Indian opposition raises concerns with Modi over student protests


  • World
  • Tuesday, 16 Feb 2016

Prakash Karat (centre L), a leader of Communist Party of India (Marxist) (CPI-M), addresses students of Jawaharlal Nehru University (JNU) during a protest inside the university campus in New Delhi, India, February 15, 2016. REUTERS/Anindito Mukherjee

NEW DELHI (Reuters) - Indian opposition leaders raised concerns on Tuesday with Prime Minister Narendra Modi over widening protests on university campuses, as the heated political atmosphere again threatened to stall reforms in parliament.

Lawmakers convene on Feb. 23 for a session in which the government will present its annual budget and try to enact key economic reforms, including the biggest overhaul of taxes since independence in 1947.

Parliamentary Affairs Minister Venkaiah Naidu said the government was ready to discuss all major issues, including the protests, after opposition lawmakers raised the issue with Modi at an all-party meeting aimed at preparing the ground for the upcoming session.

"The government is always willing to walk the extra mile to accommodate the views of opposition parties and take up a discussion on each and every issue," Naidu said.

His comments came against the backdrop of the biggest Indian nationwide student protests in a quarter of a century that followed the arrest of a student leader at a rally to mark the anniversary of the execution of a Kashmiri separatist.

Mohammad Afzal Guru was hanged amid controversy three years ago over his role in a 2001 attack on parliament that brought India and Pakistan to the brink of war. The Supreme Court called the evidence against him circumstantial.

Students, academics and journalists took part in a fresh round of demonstrations on Tuesday to protest the arrest for sedition of Kanhaiya Kumar, president of the student union at Jawaharlal Nehru University (JNU) in Delhi.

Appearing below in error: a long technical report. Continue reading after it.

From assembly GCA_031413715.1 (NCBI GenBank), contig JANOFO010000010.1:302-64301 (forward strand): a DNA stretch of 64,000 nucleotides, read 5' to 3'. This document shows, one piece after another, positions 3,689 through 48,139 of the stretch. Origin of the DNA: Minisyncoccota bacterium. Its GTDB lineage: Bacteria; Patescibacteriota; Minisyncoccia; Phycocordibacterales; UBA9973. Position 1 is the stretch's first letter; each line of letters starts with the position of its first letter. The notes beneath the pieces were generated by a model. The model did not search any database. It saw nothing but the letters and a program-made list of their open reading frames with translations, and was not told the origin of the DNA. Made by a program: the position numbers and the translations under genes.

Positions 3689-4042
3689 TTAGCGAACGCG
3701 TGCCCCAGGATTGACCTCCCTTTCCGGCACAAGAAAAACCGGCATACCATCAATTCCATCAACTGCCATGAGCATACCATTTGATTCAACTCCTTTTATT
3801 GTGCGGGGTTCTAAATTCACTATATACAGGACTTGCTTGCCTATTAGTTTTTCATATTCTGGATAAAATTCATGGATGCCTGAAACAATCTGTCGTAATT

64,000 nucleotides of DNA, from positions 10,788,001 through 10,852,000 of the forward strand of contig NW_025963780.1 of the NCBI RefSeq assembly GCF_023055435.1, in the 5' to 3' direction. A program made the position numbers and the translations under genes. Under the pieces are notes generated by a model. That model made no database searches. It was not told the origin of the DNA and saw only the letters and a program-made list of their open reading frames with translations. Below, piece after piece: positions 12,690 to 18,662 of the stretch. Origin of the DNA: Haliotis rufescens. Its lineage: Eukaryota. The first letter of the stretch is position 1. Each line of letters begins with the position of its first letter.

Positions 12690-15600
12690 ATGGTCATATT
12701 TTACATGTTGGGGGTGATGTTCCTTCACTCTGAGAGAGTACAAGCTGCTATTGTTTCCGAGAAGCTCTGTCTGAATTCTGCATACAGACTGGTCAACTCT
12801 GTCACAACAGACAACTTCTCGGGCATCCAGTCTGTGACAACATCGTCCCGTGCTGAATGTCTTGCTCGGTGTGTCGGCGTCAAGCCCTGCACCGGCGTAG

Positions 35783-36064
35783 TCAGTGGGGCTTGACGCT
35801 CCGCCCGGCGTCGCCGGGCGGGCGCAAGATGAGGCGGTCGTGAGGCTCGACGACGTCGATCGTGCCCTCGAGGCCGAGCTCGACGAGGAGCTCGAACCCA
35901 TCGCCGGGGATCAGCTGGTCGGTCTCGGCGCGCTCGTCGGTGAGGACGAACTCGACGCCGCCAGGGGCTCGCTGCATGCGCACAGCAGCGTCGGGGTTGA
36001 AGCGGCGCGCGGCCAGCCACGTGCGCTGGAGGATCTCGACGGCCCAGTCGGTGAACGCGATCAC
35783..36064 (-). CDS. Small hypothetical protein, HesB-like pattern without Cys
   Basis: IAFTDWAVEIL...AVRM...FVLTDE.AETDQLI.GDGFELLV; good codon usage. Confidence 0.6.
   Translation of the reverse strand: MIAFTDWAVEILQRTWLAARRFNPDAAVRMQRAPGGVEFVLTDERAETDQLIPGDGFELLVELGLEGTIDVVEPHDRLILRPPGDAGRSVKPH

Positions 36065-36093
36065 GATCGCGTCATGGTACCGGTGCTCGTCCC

In a counter demonstrations, government supporters staged a noisy protest outside the gates of the university that is known for its tradition of left-wing student politics.

They burnt an effigy of a JNU "traitor" and accused students of trying to break apart India with the support of the opposition Congress and communist parties.

"We will not allow any anti-national activity," said Kuldeep Kumar Sharma, 55, who works at a drug company. "The students are hiding behind those four walls. They should come out and face the nation."

Finance Minister Arun Jaitley will present the federal budget on Feb. 29. Otherwise, the government's main goal during the coming session is to pass the Goods and Services Tax (GST) bill, which would pave the way for a single market for goods in India for the first time.

All eyes will be on the upper house of parliament, where the government and its allies are a minority. The last two sessions of parliament saw no progress on the GST bill, which requires a constitutional amendment to enter force.

(Reporting by Douglas Busvine and Andrew MacAskill; Editing by Simon Cameron-Moore)

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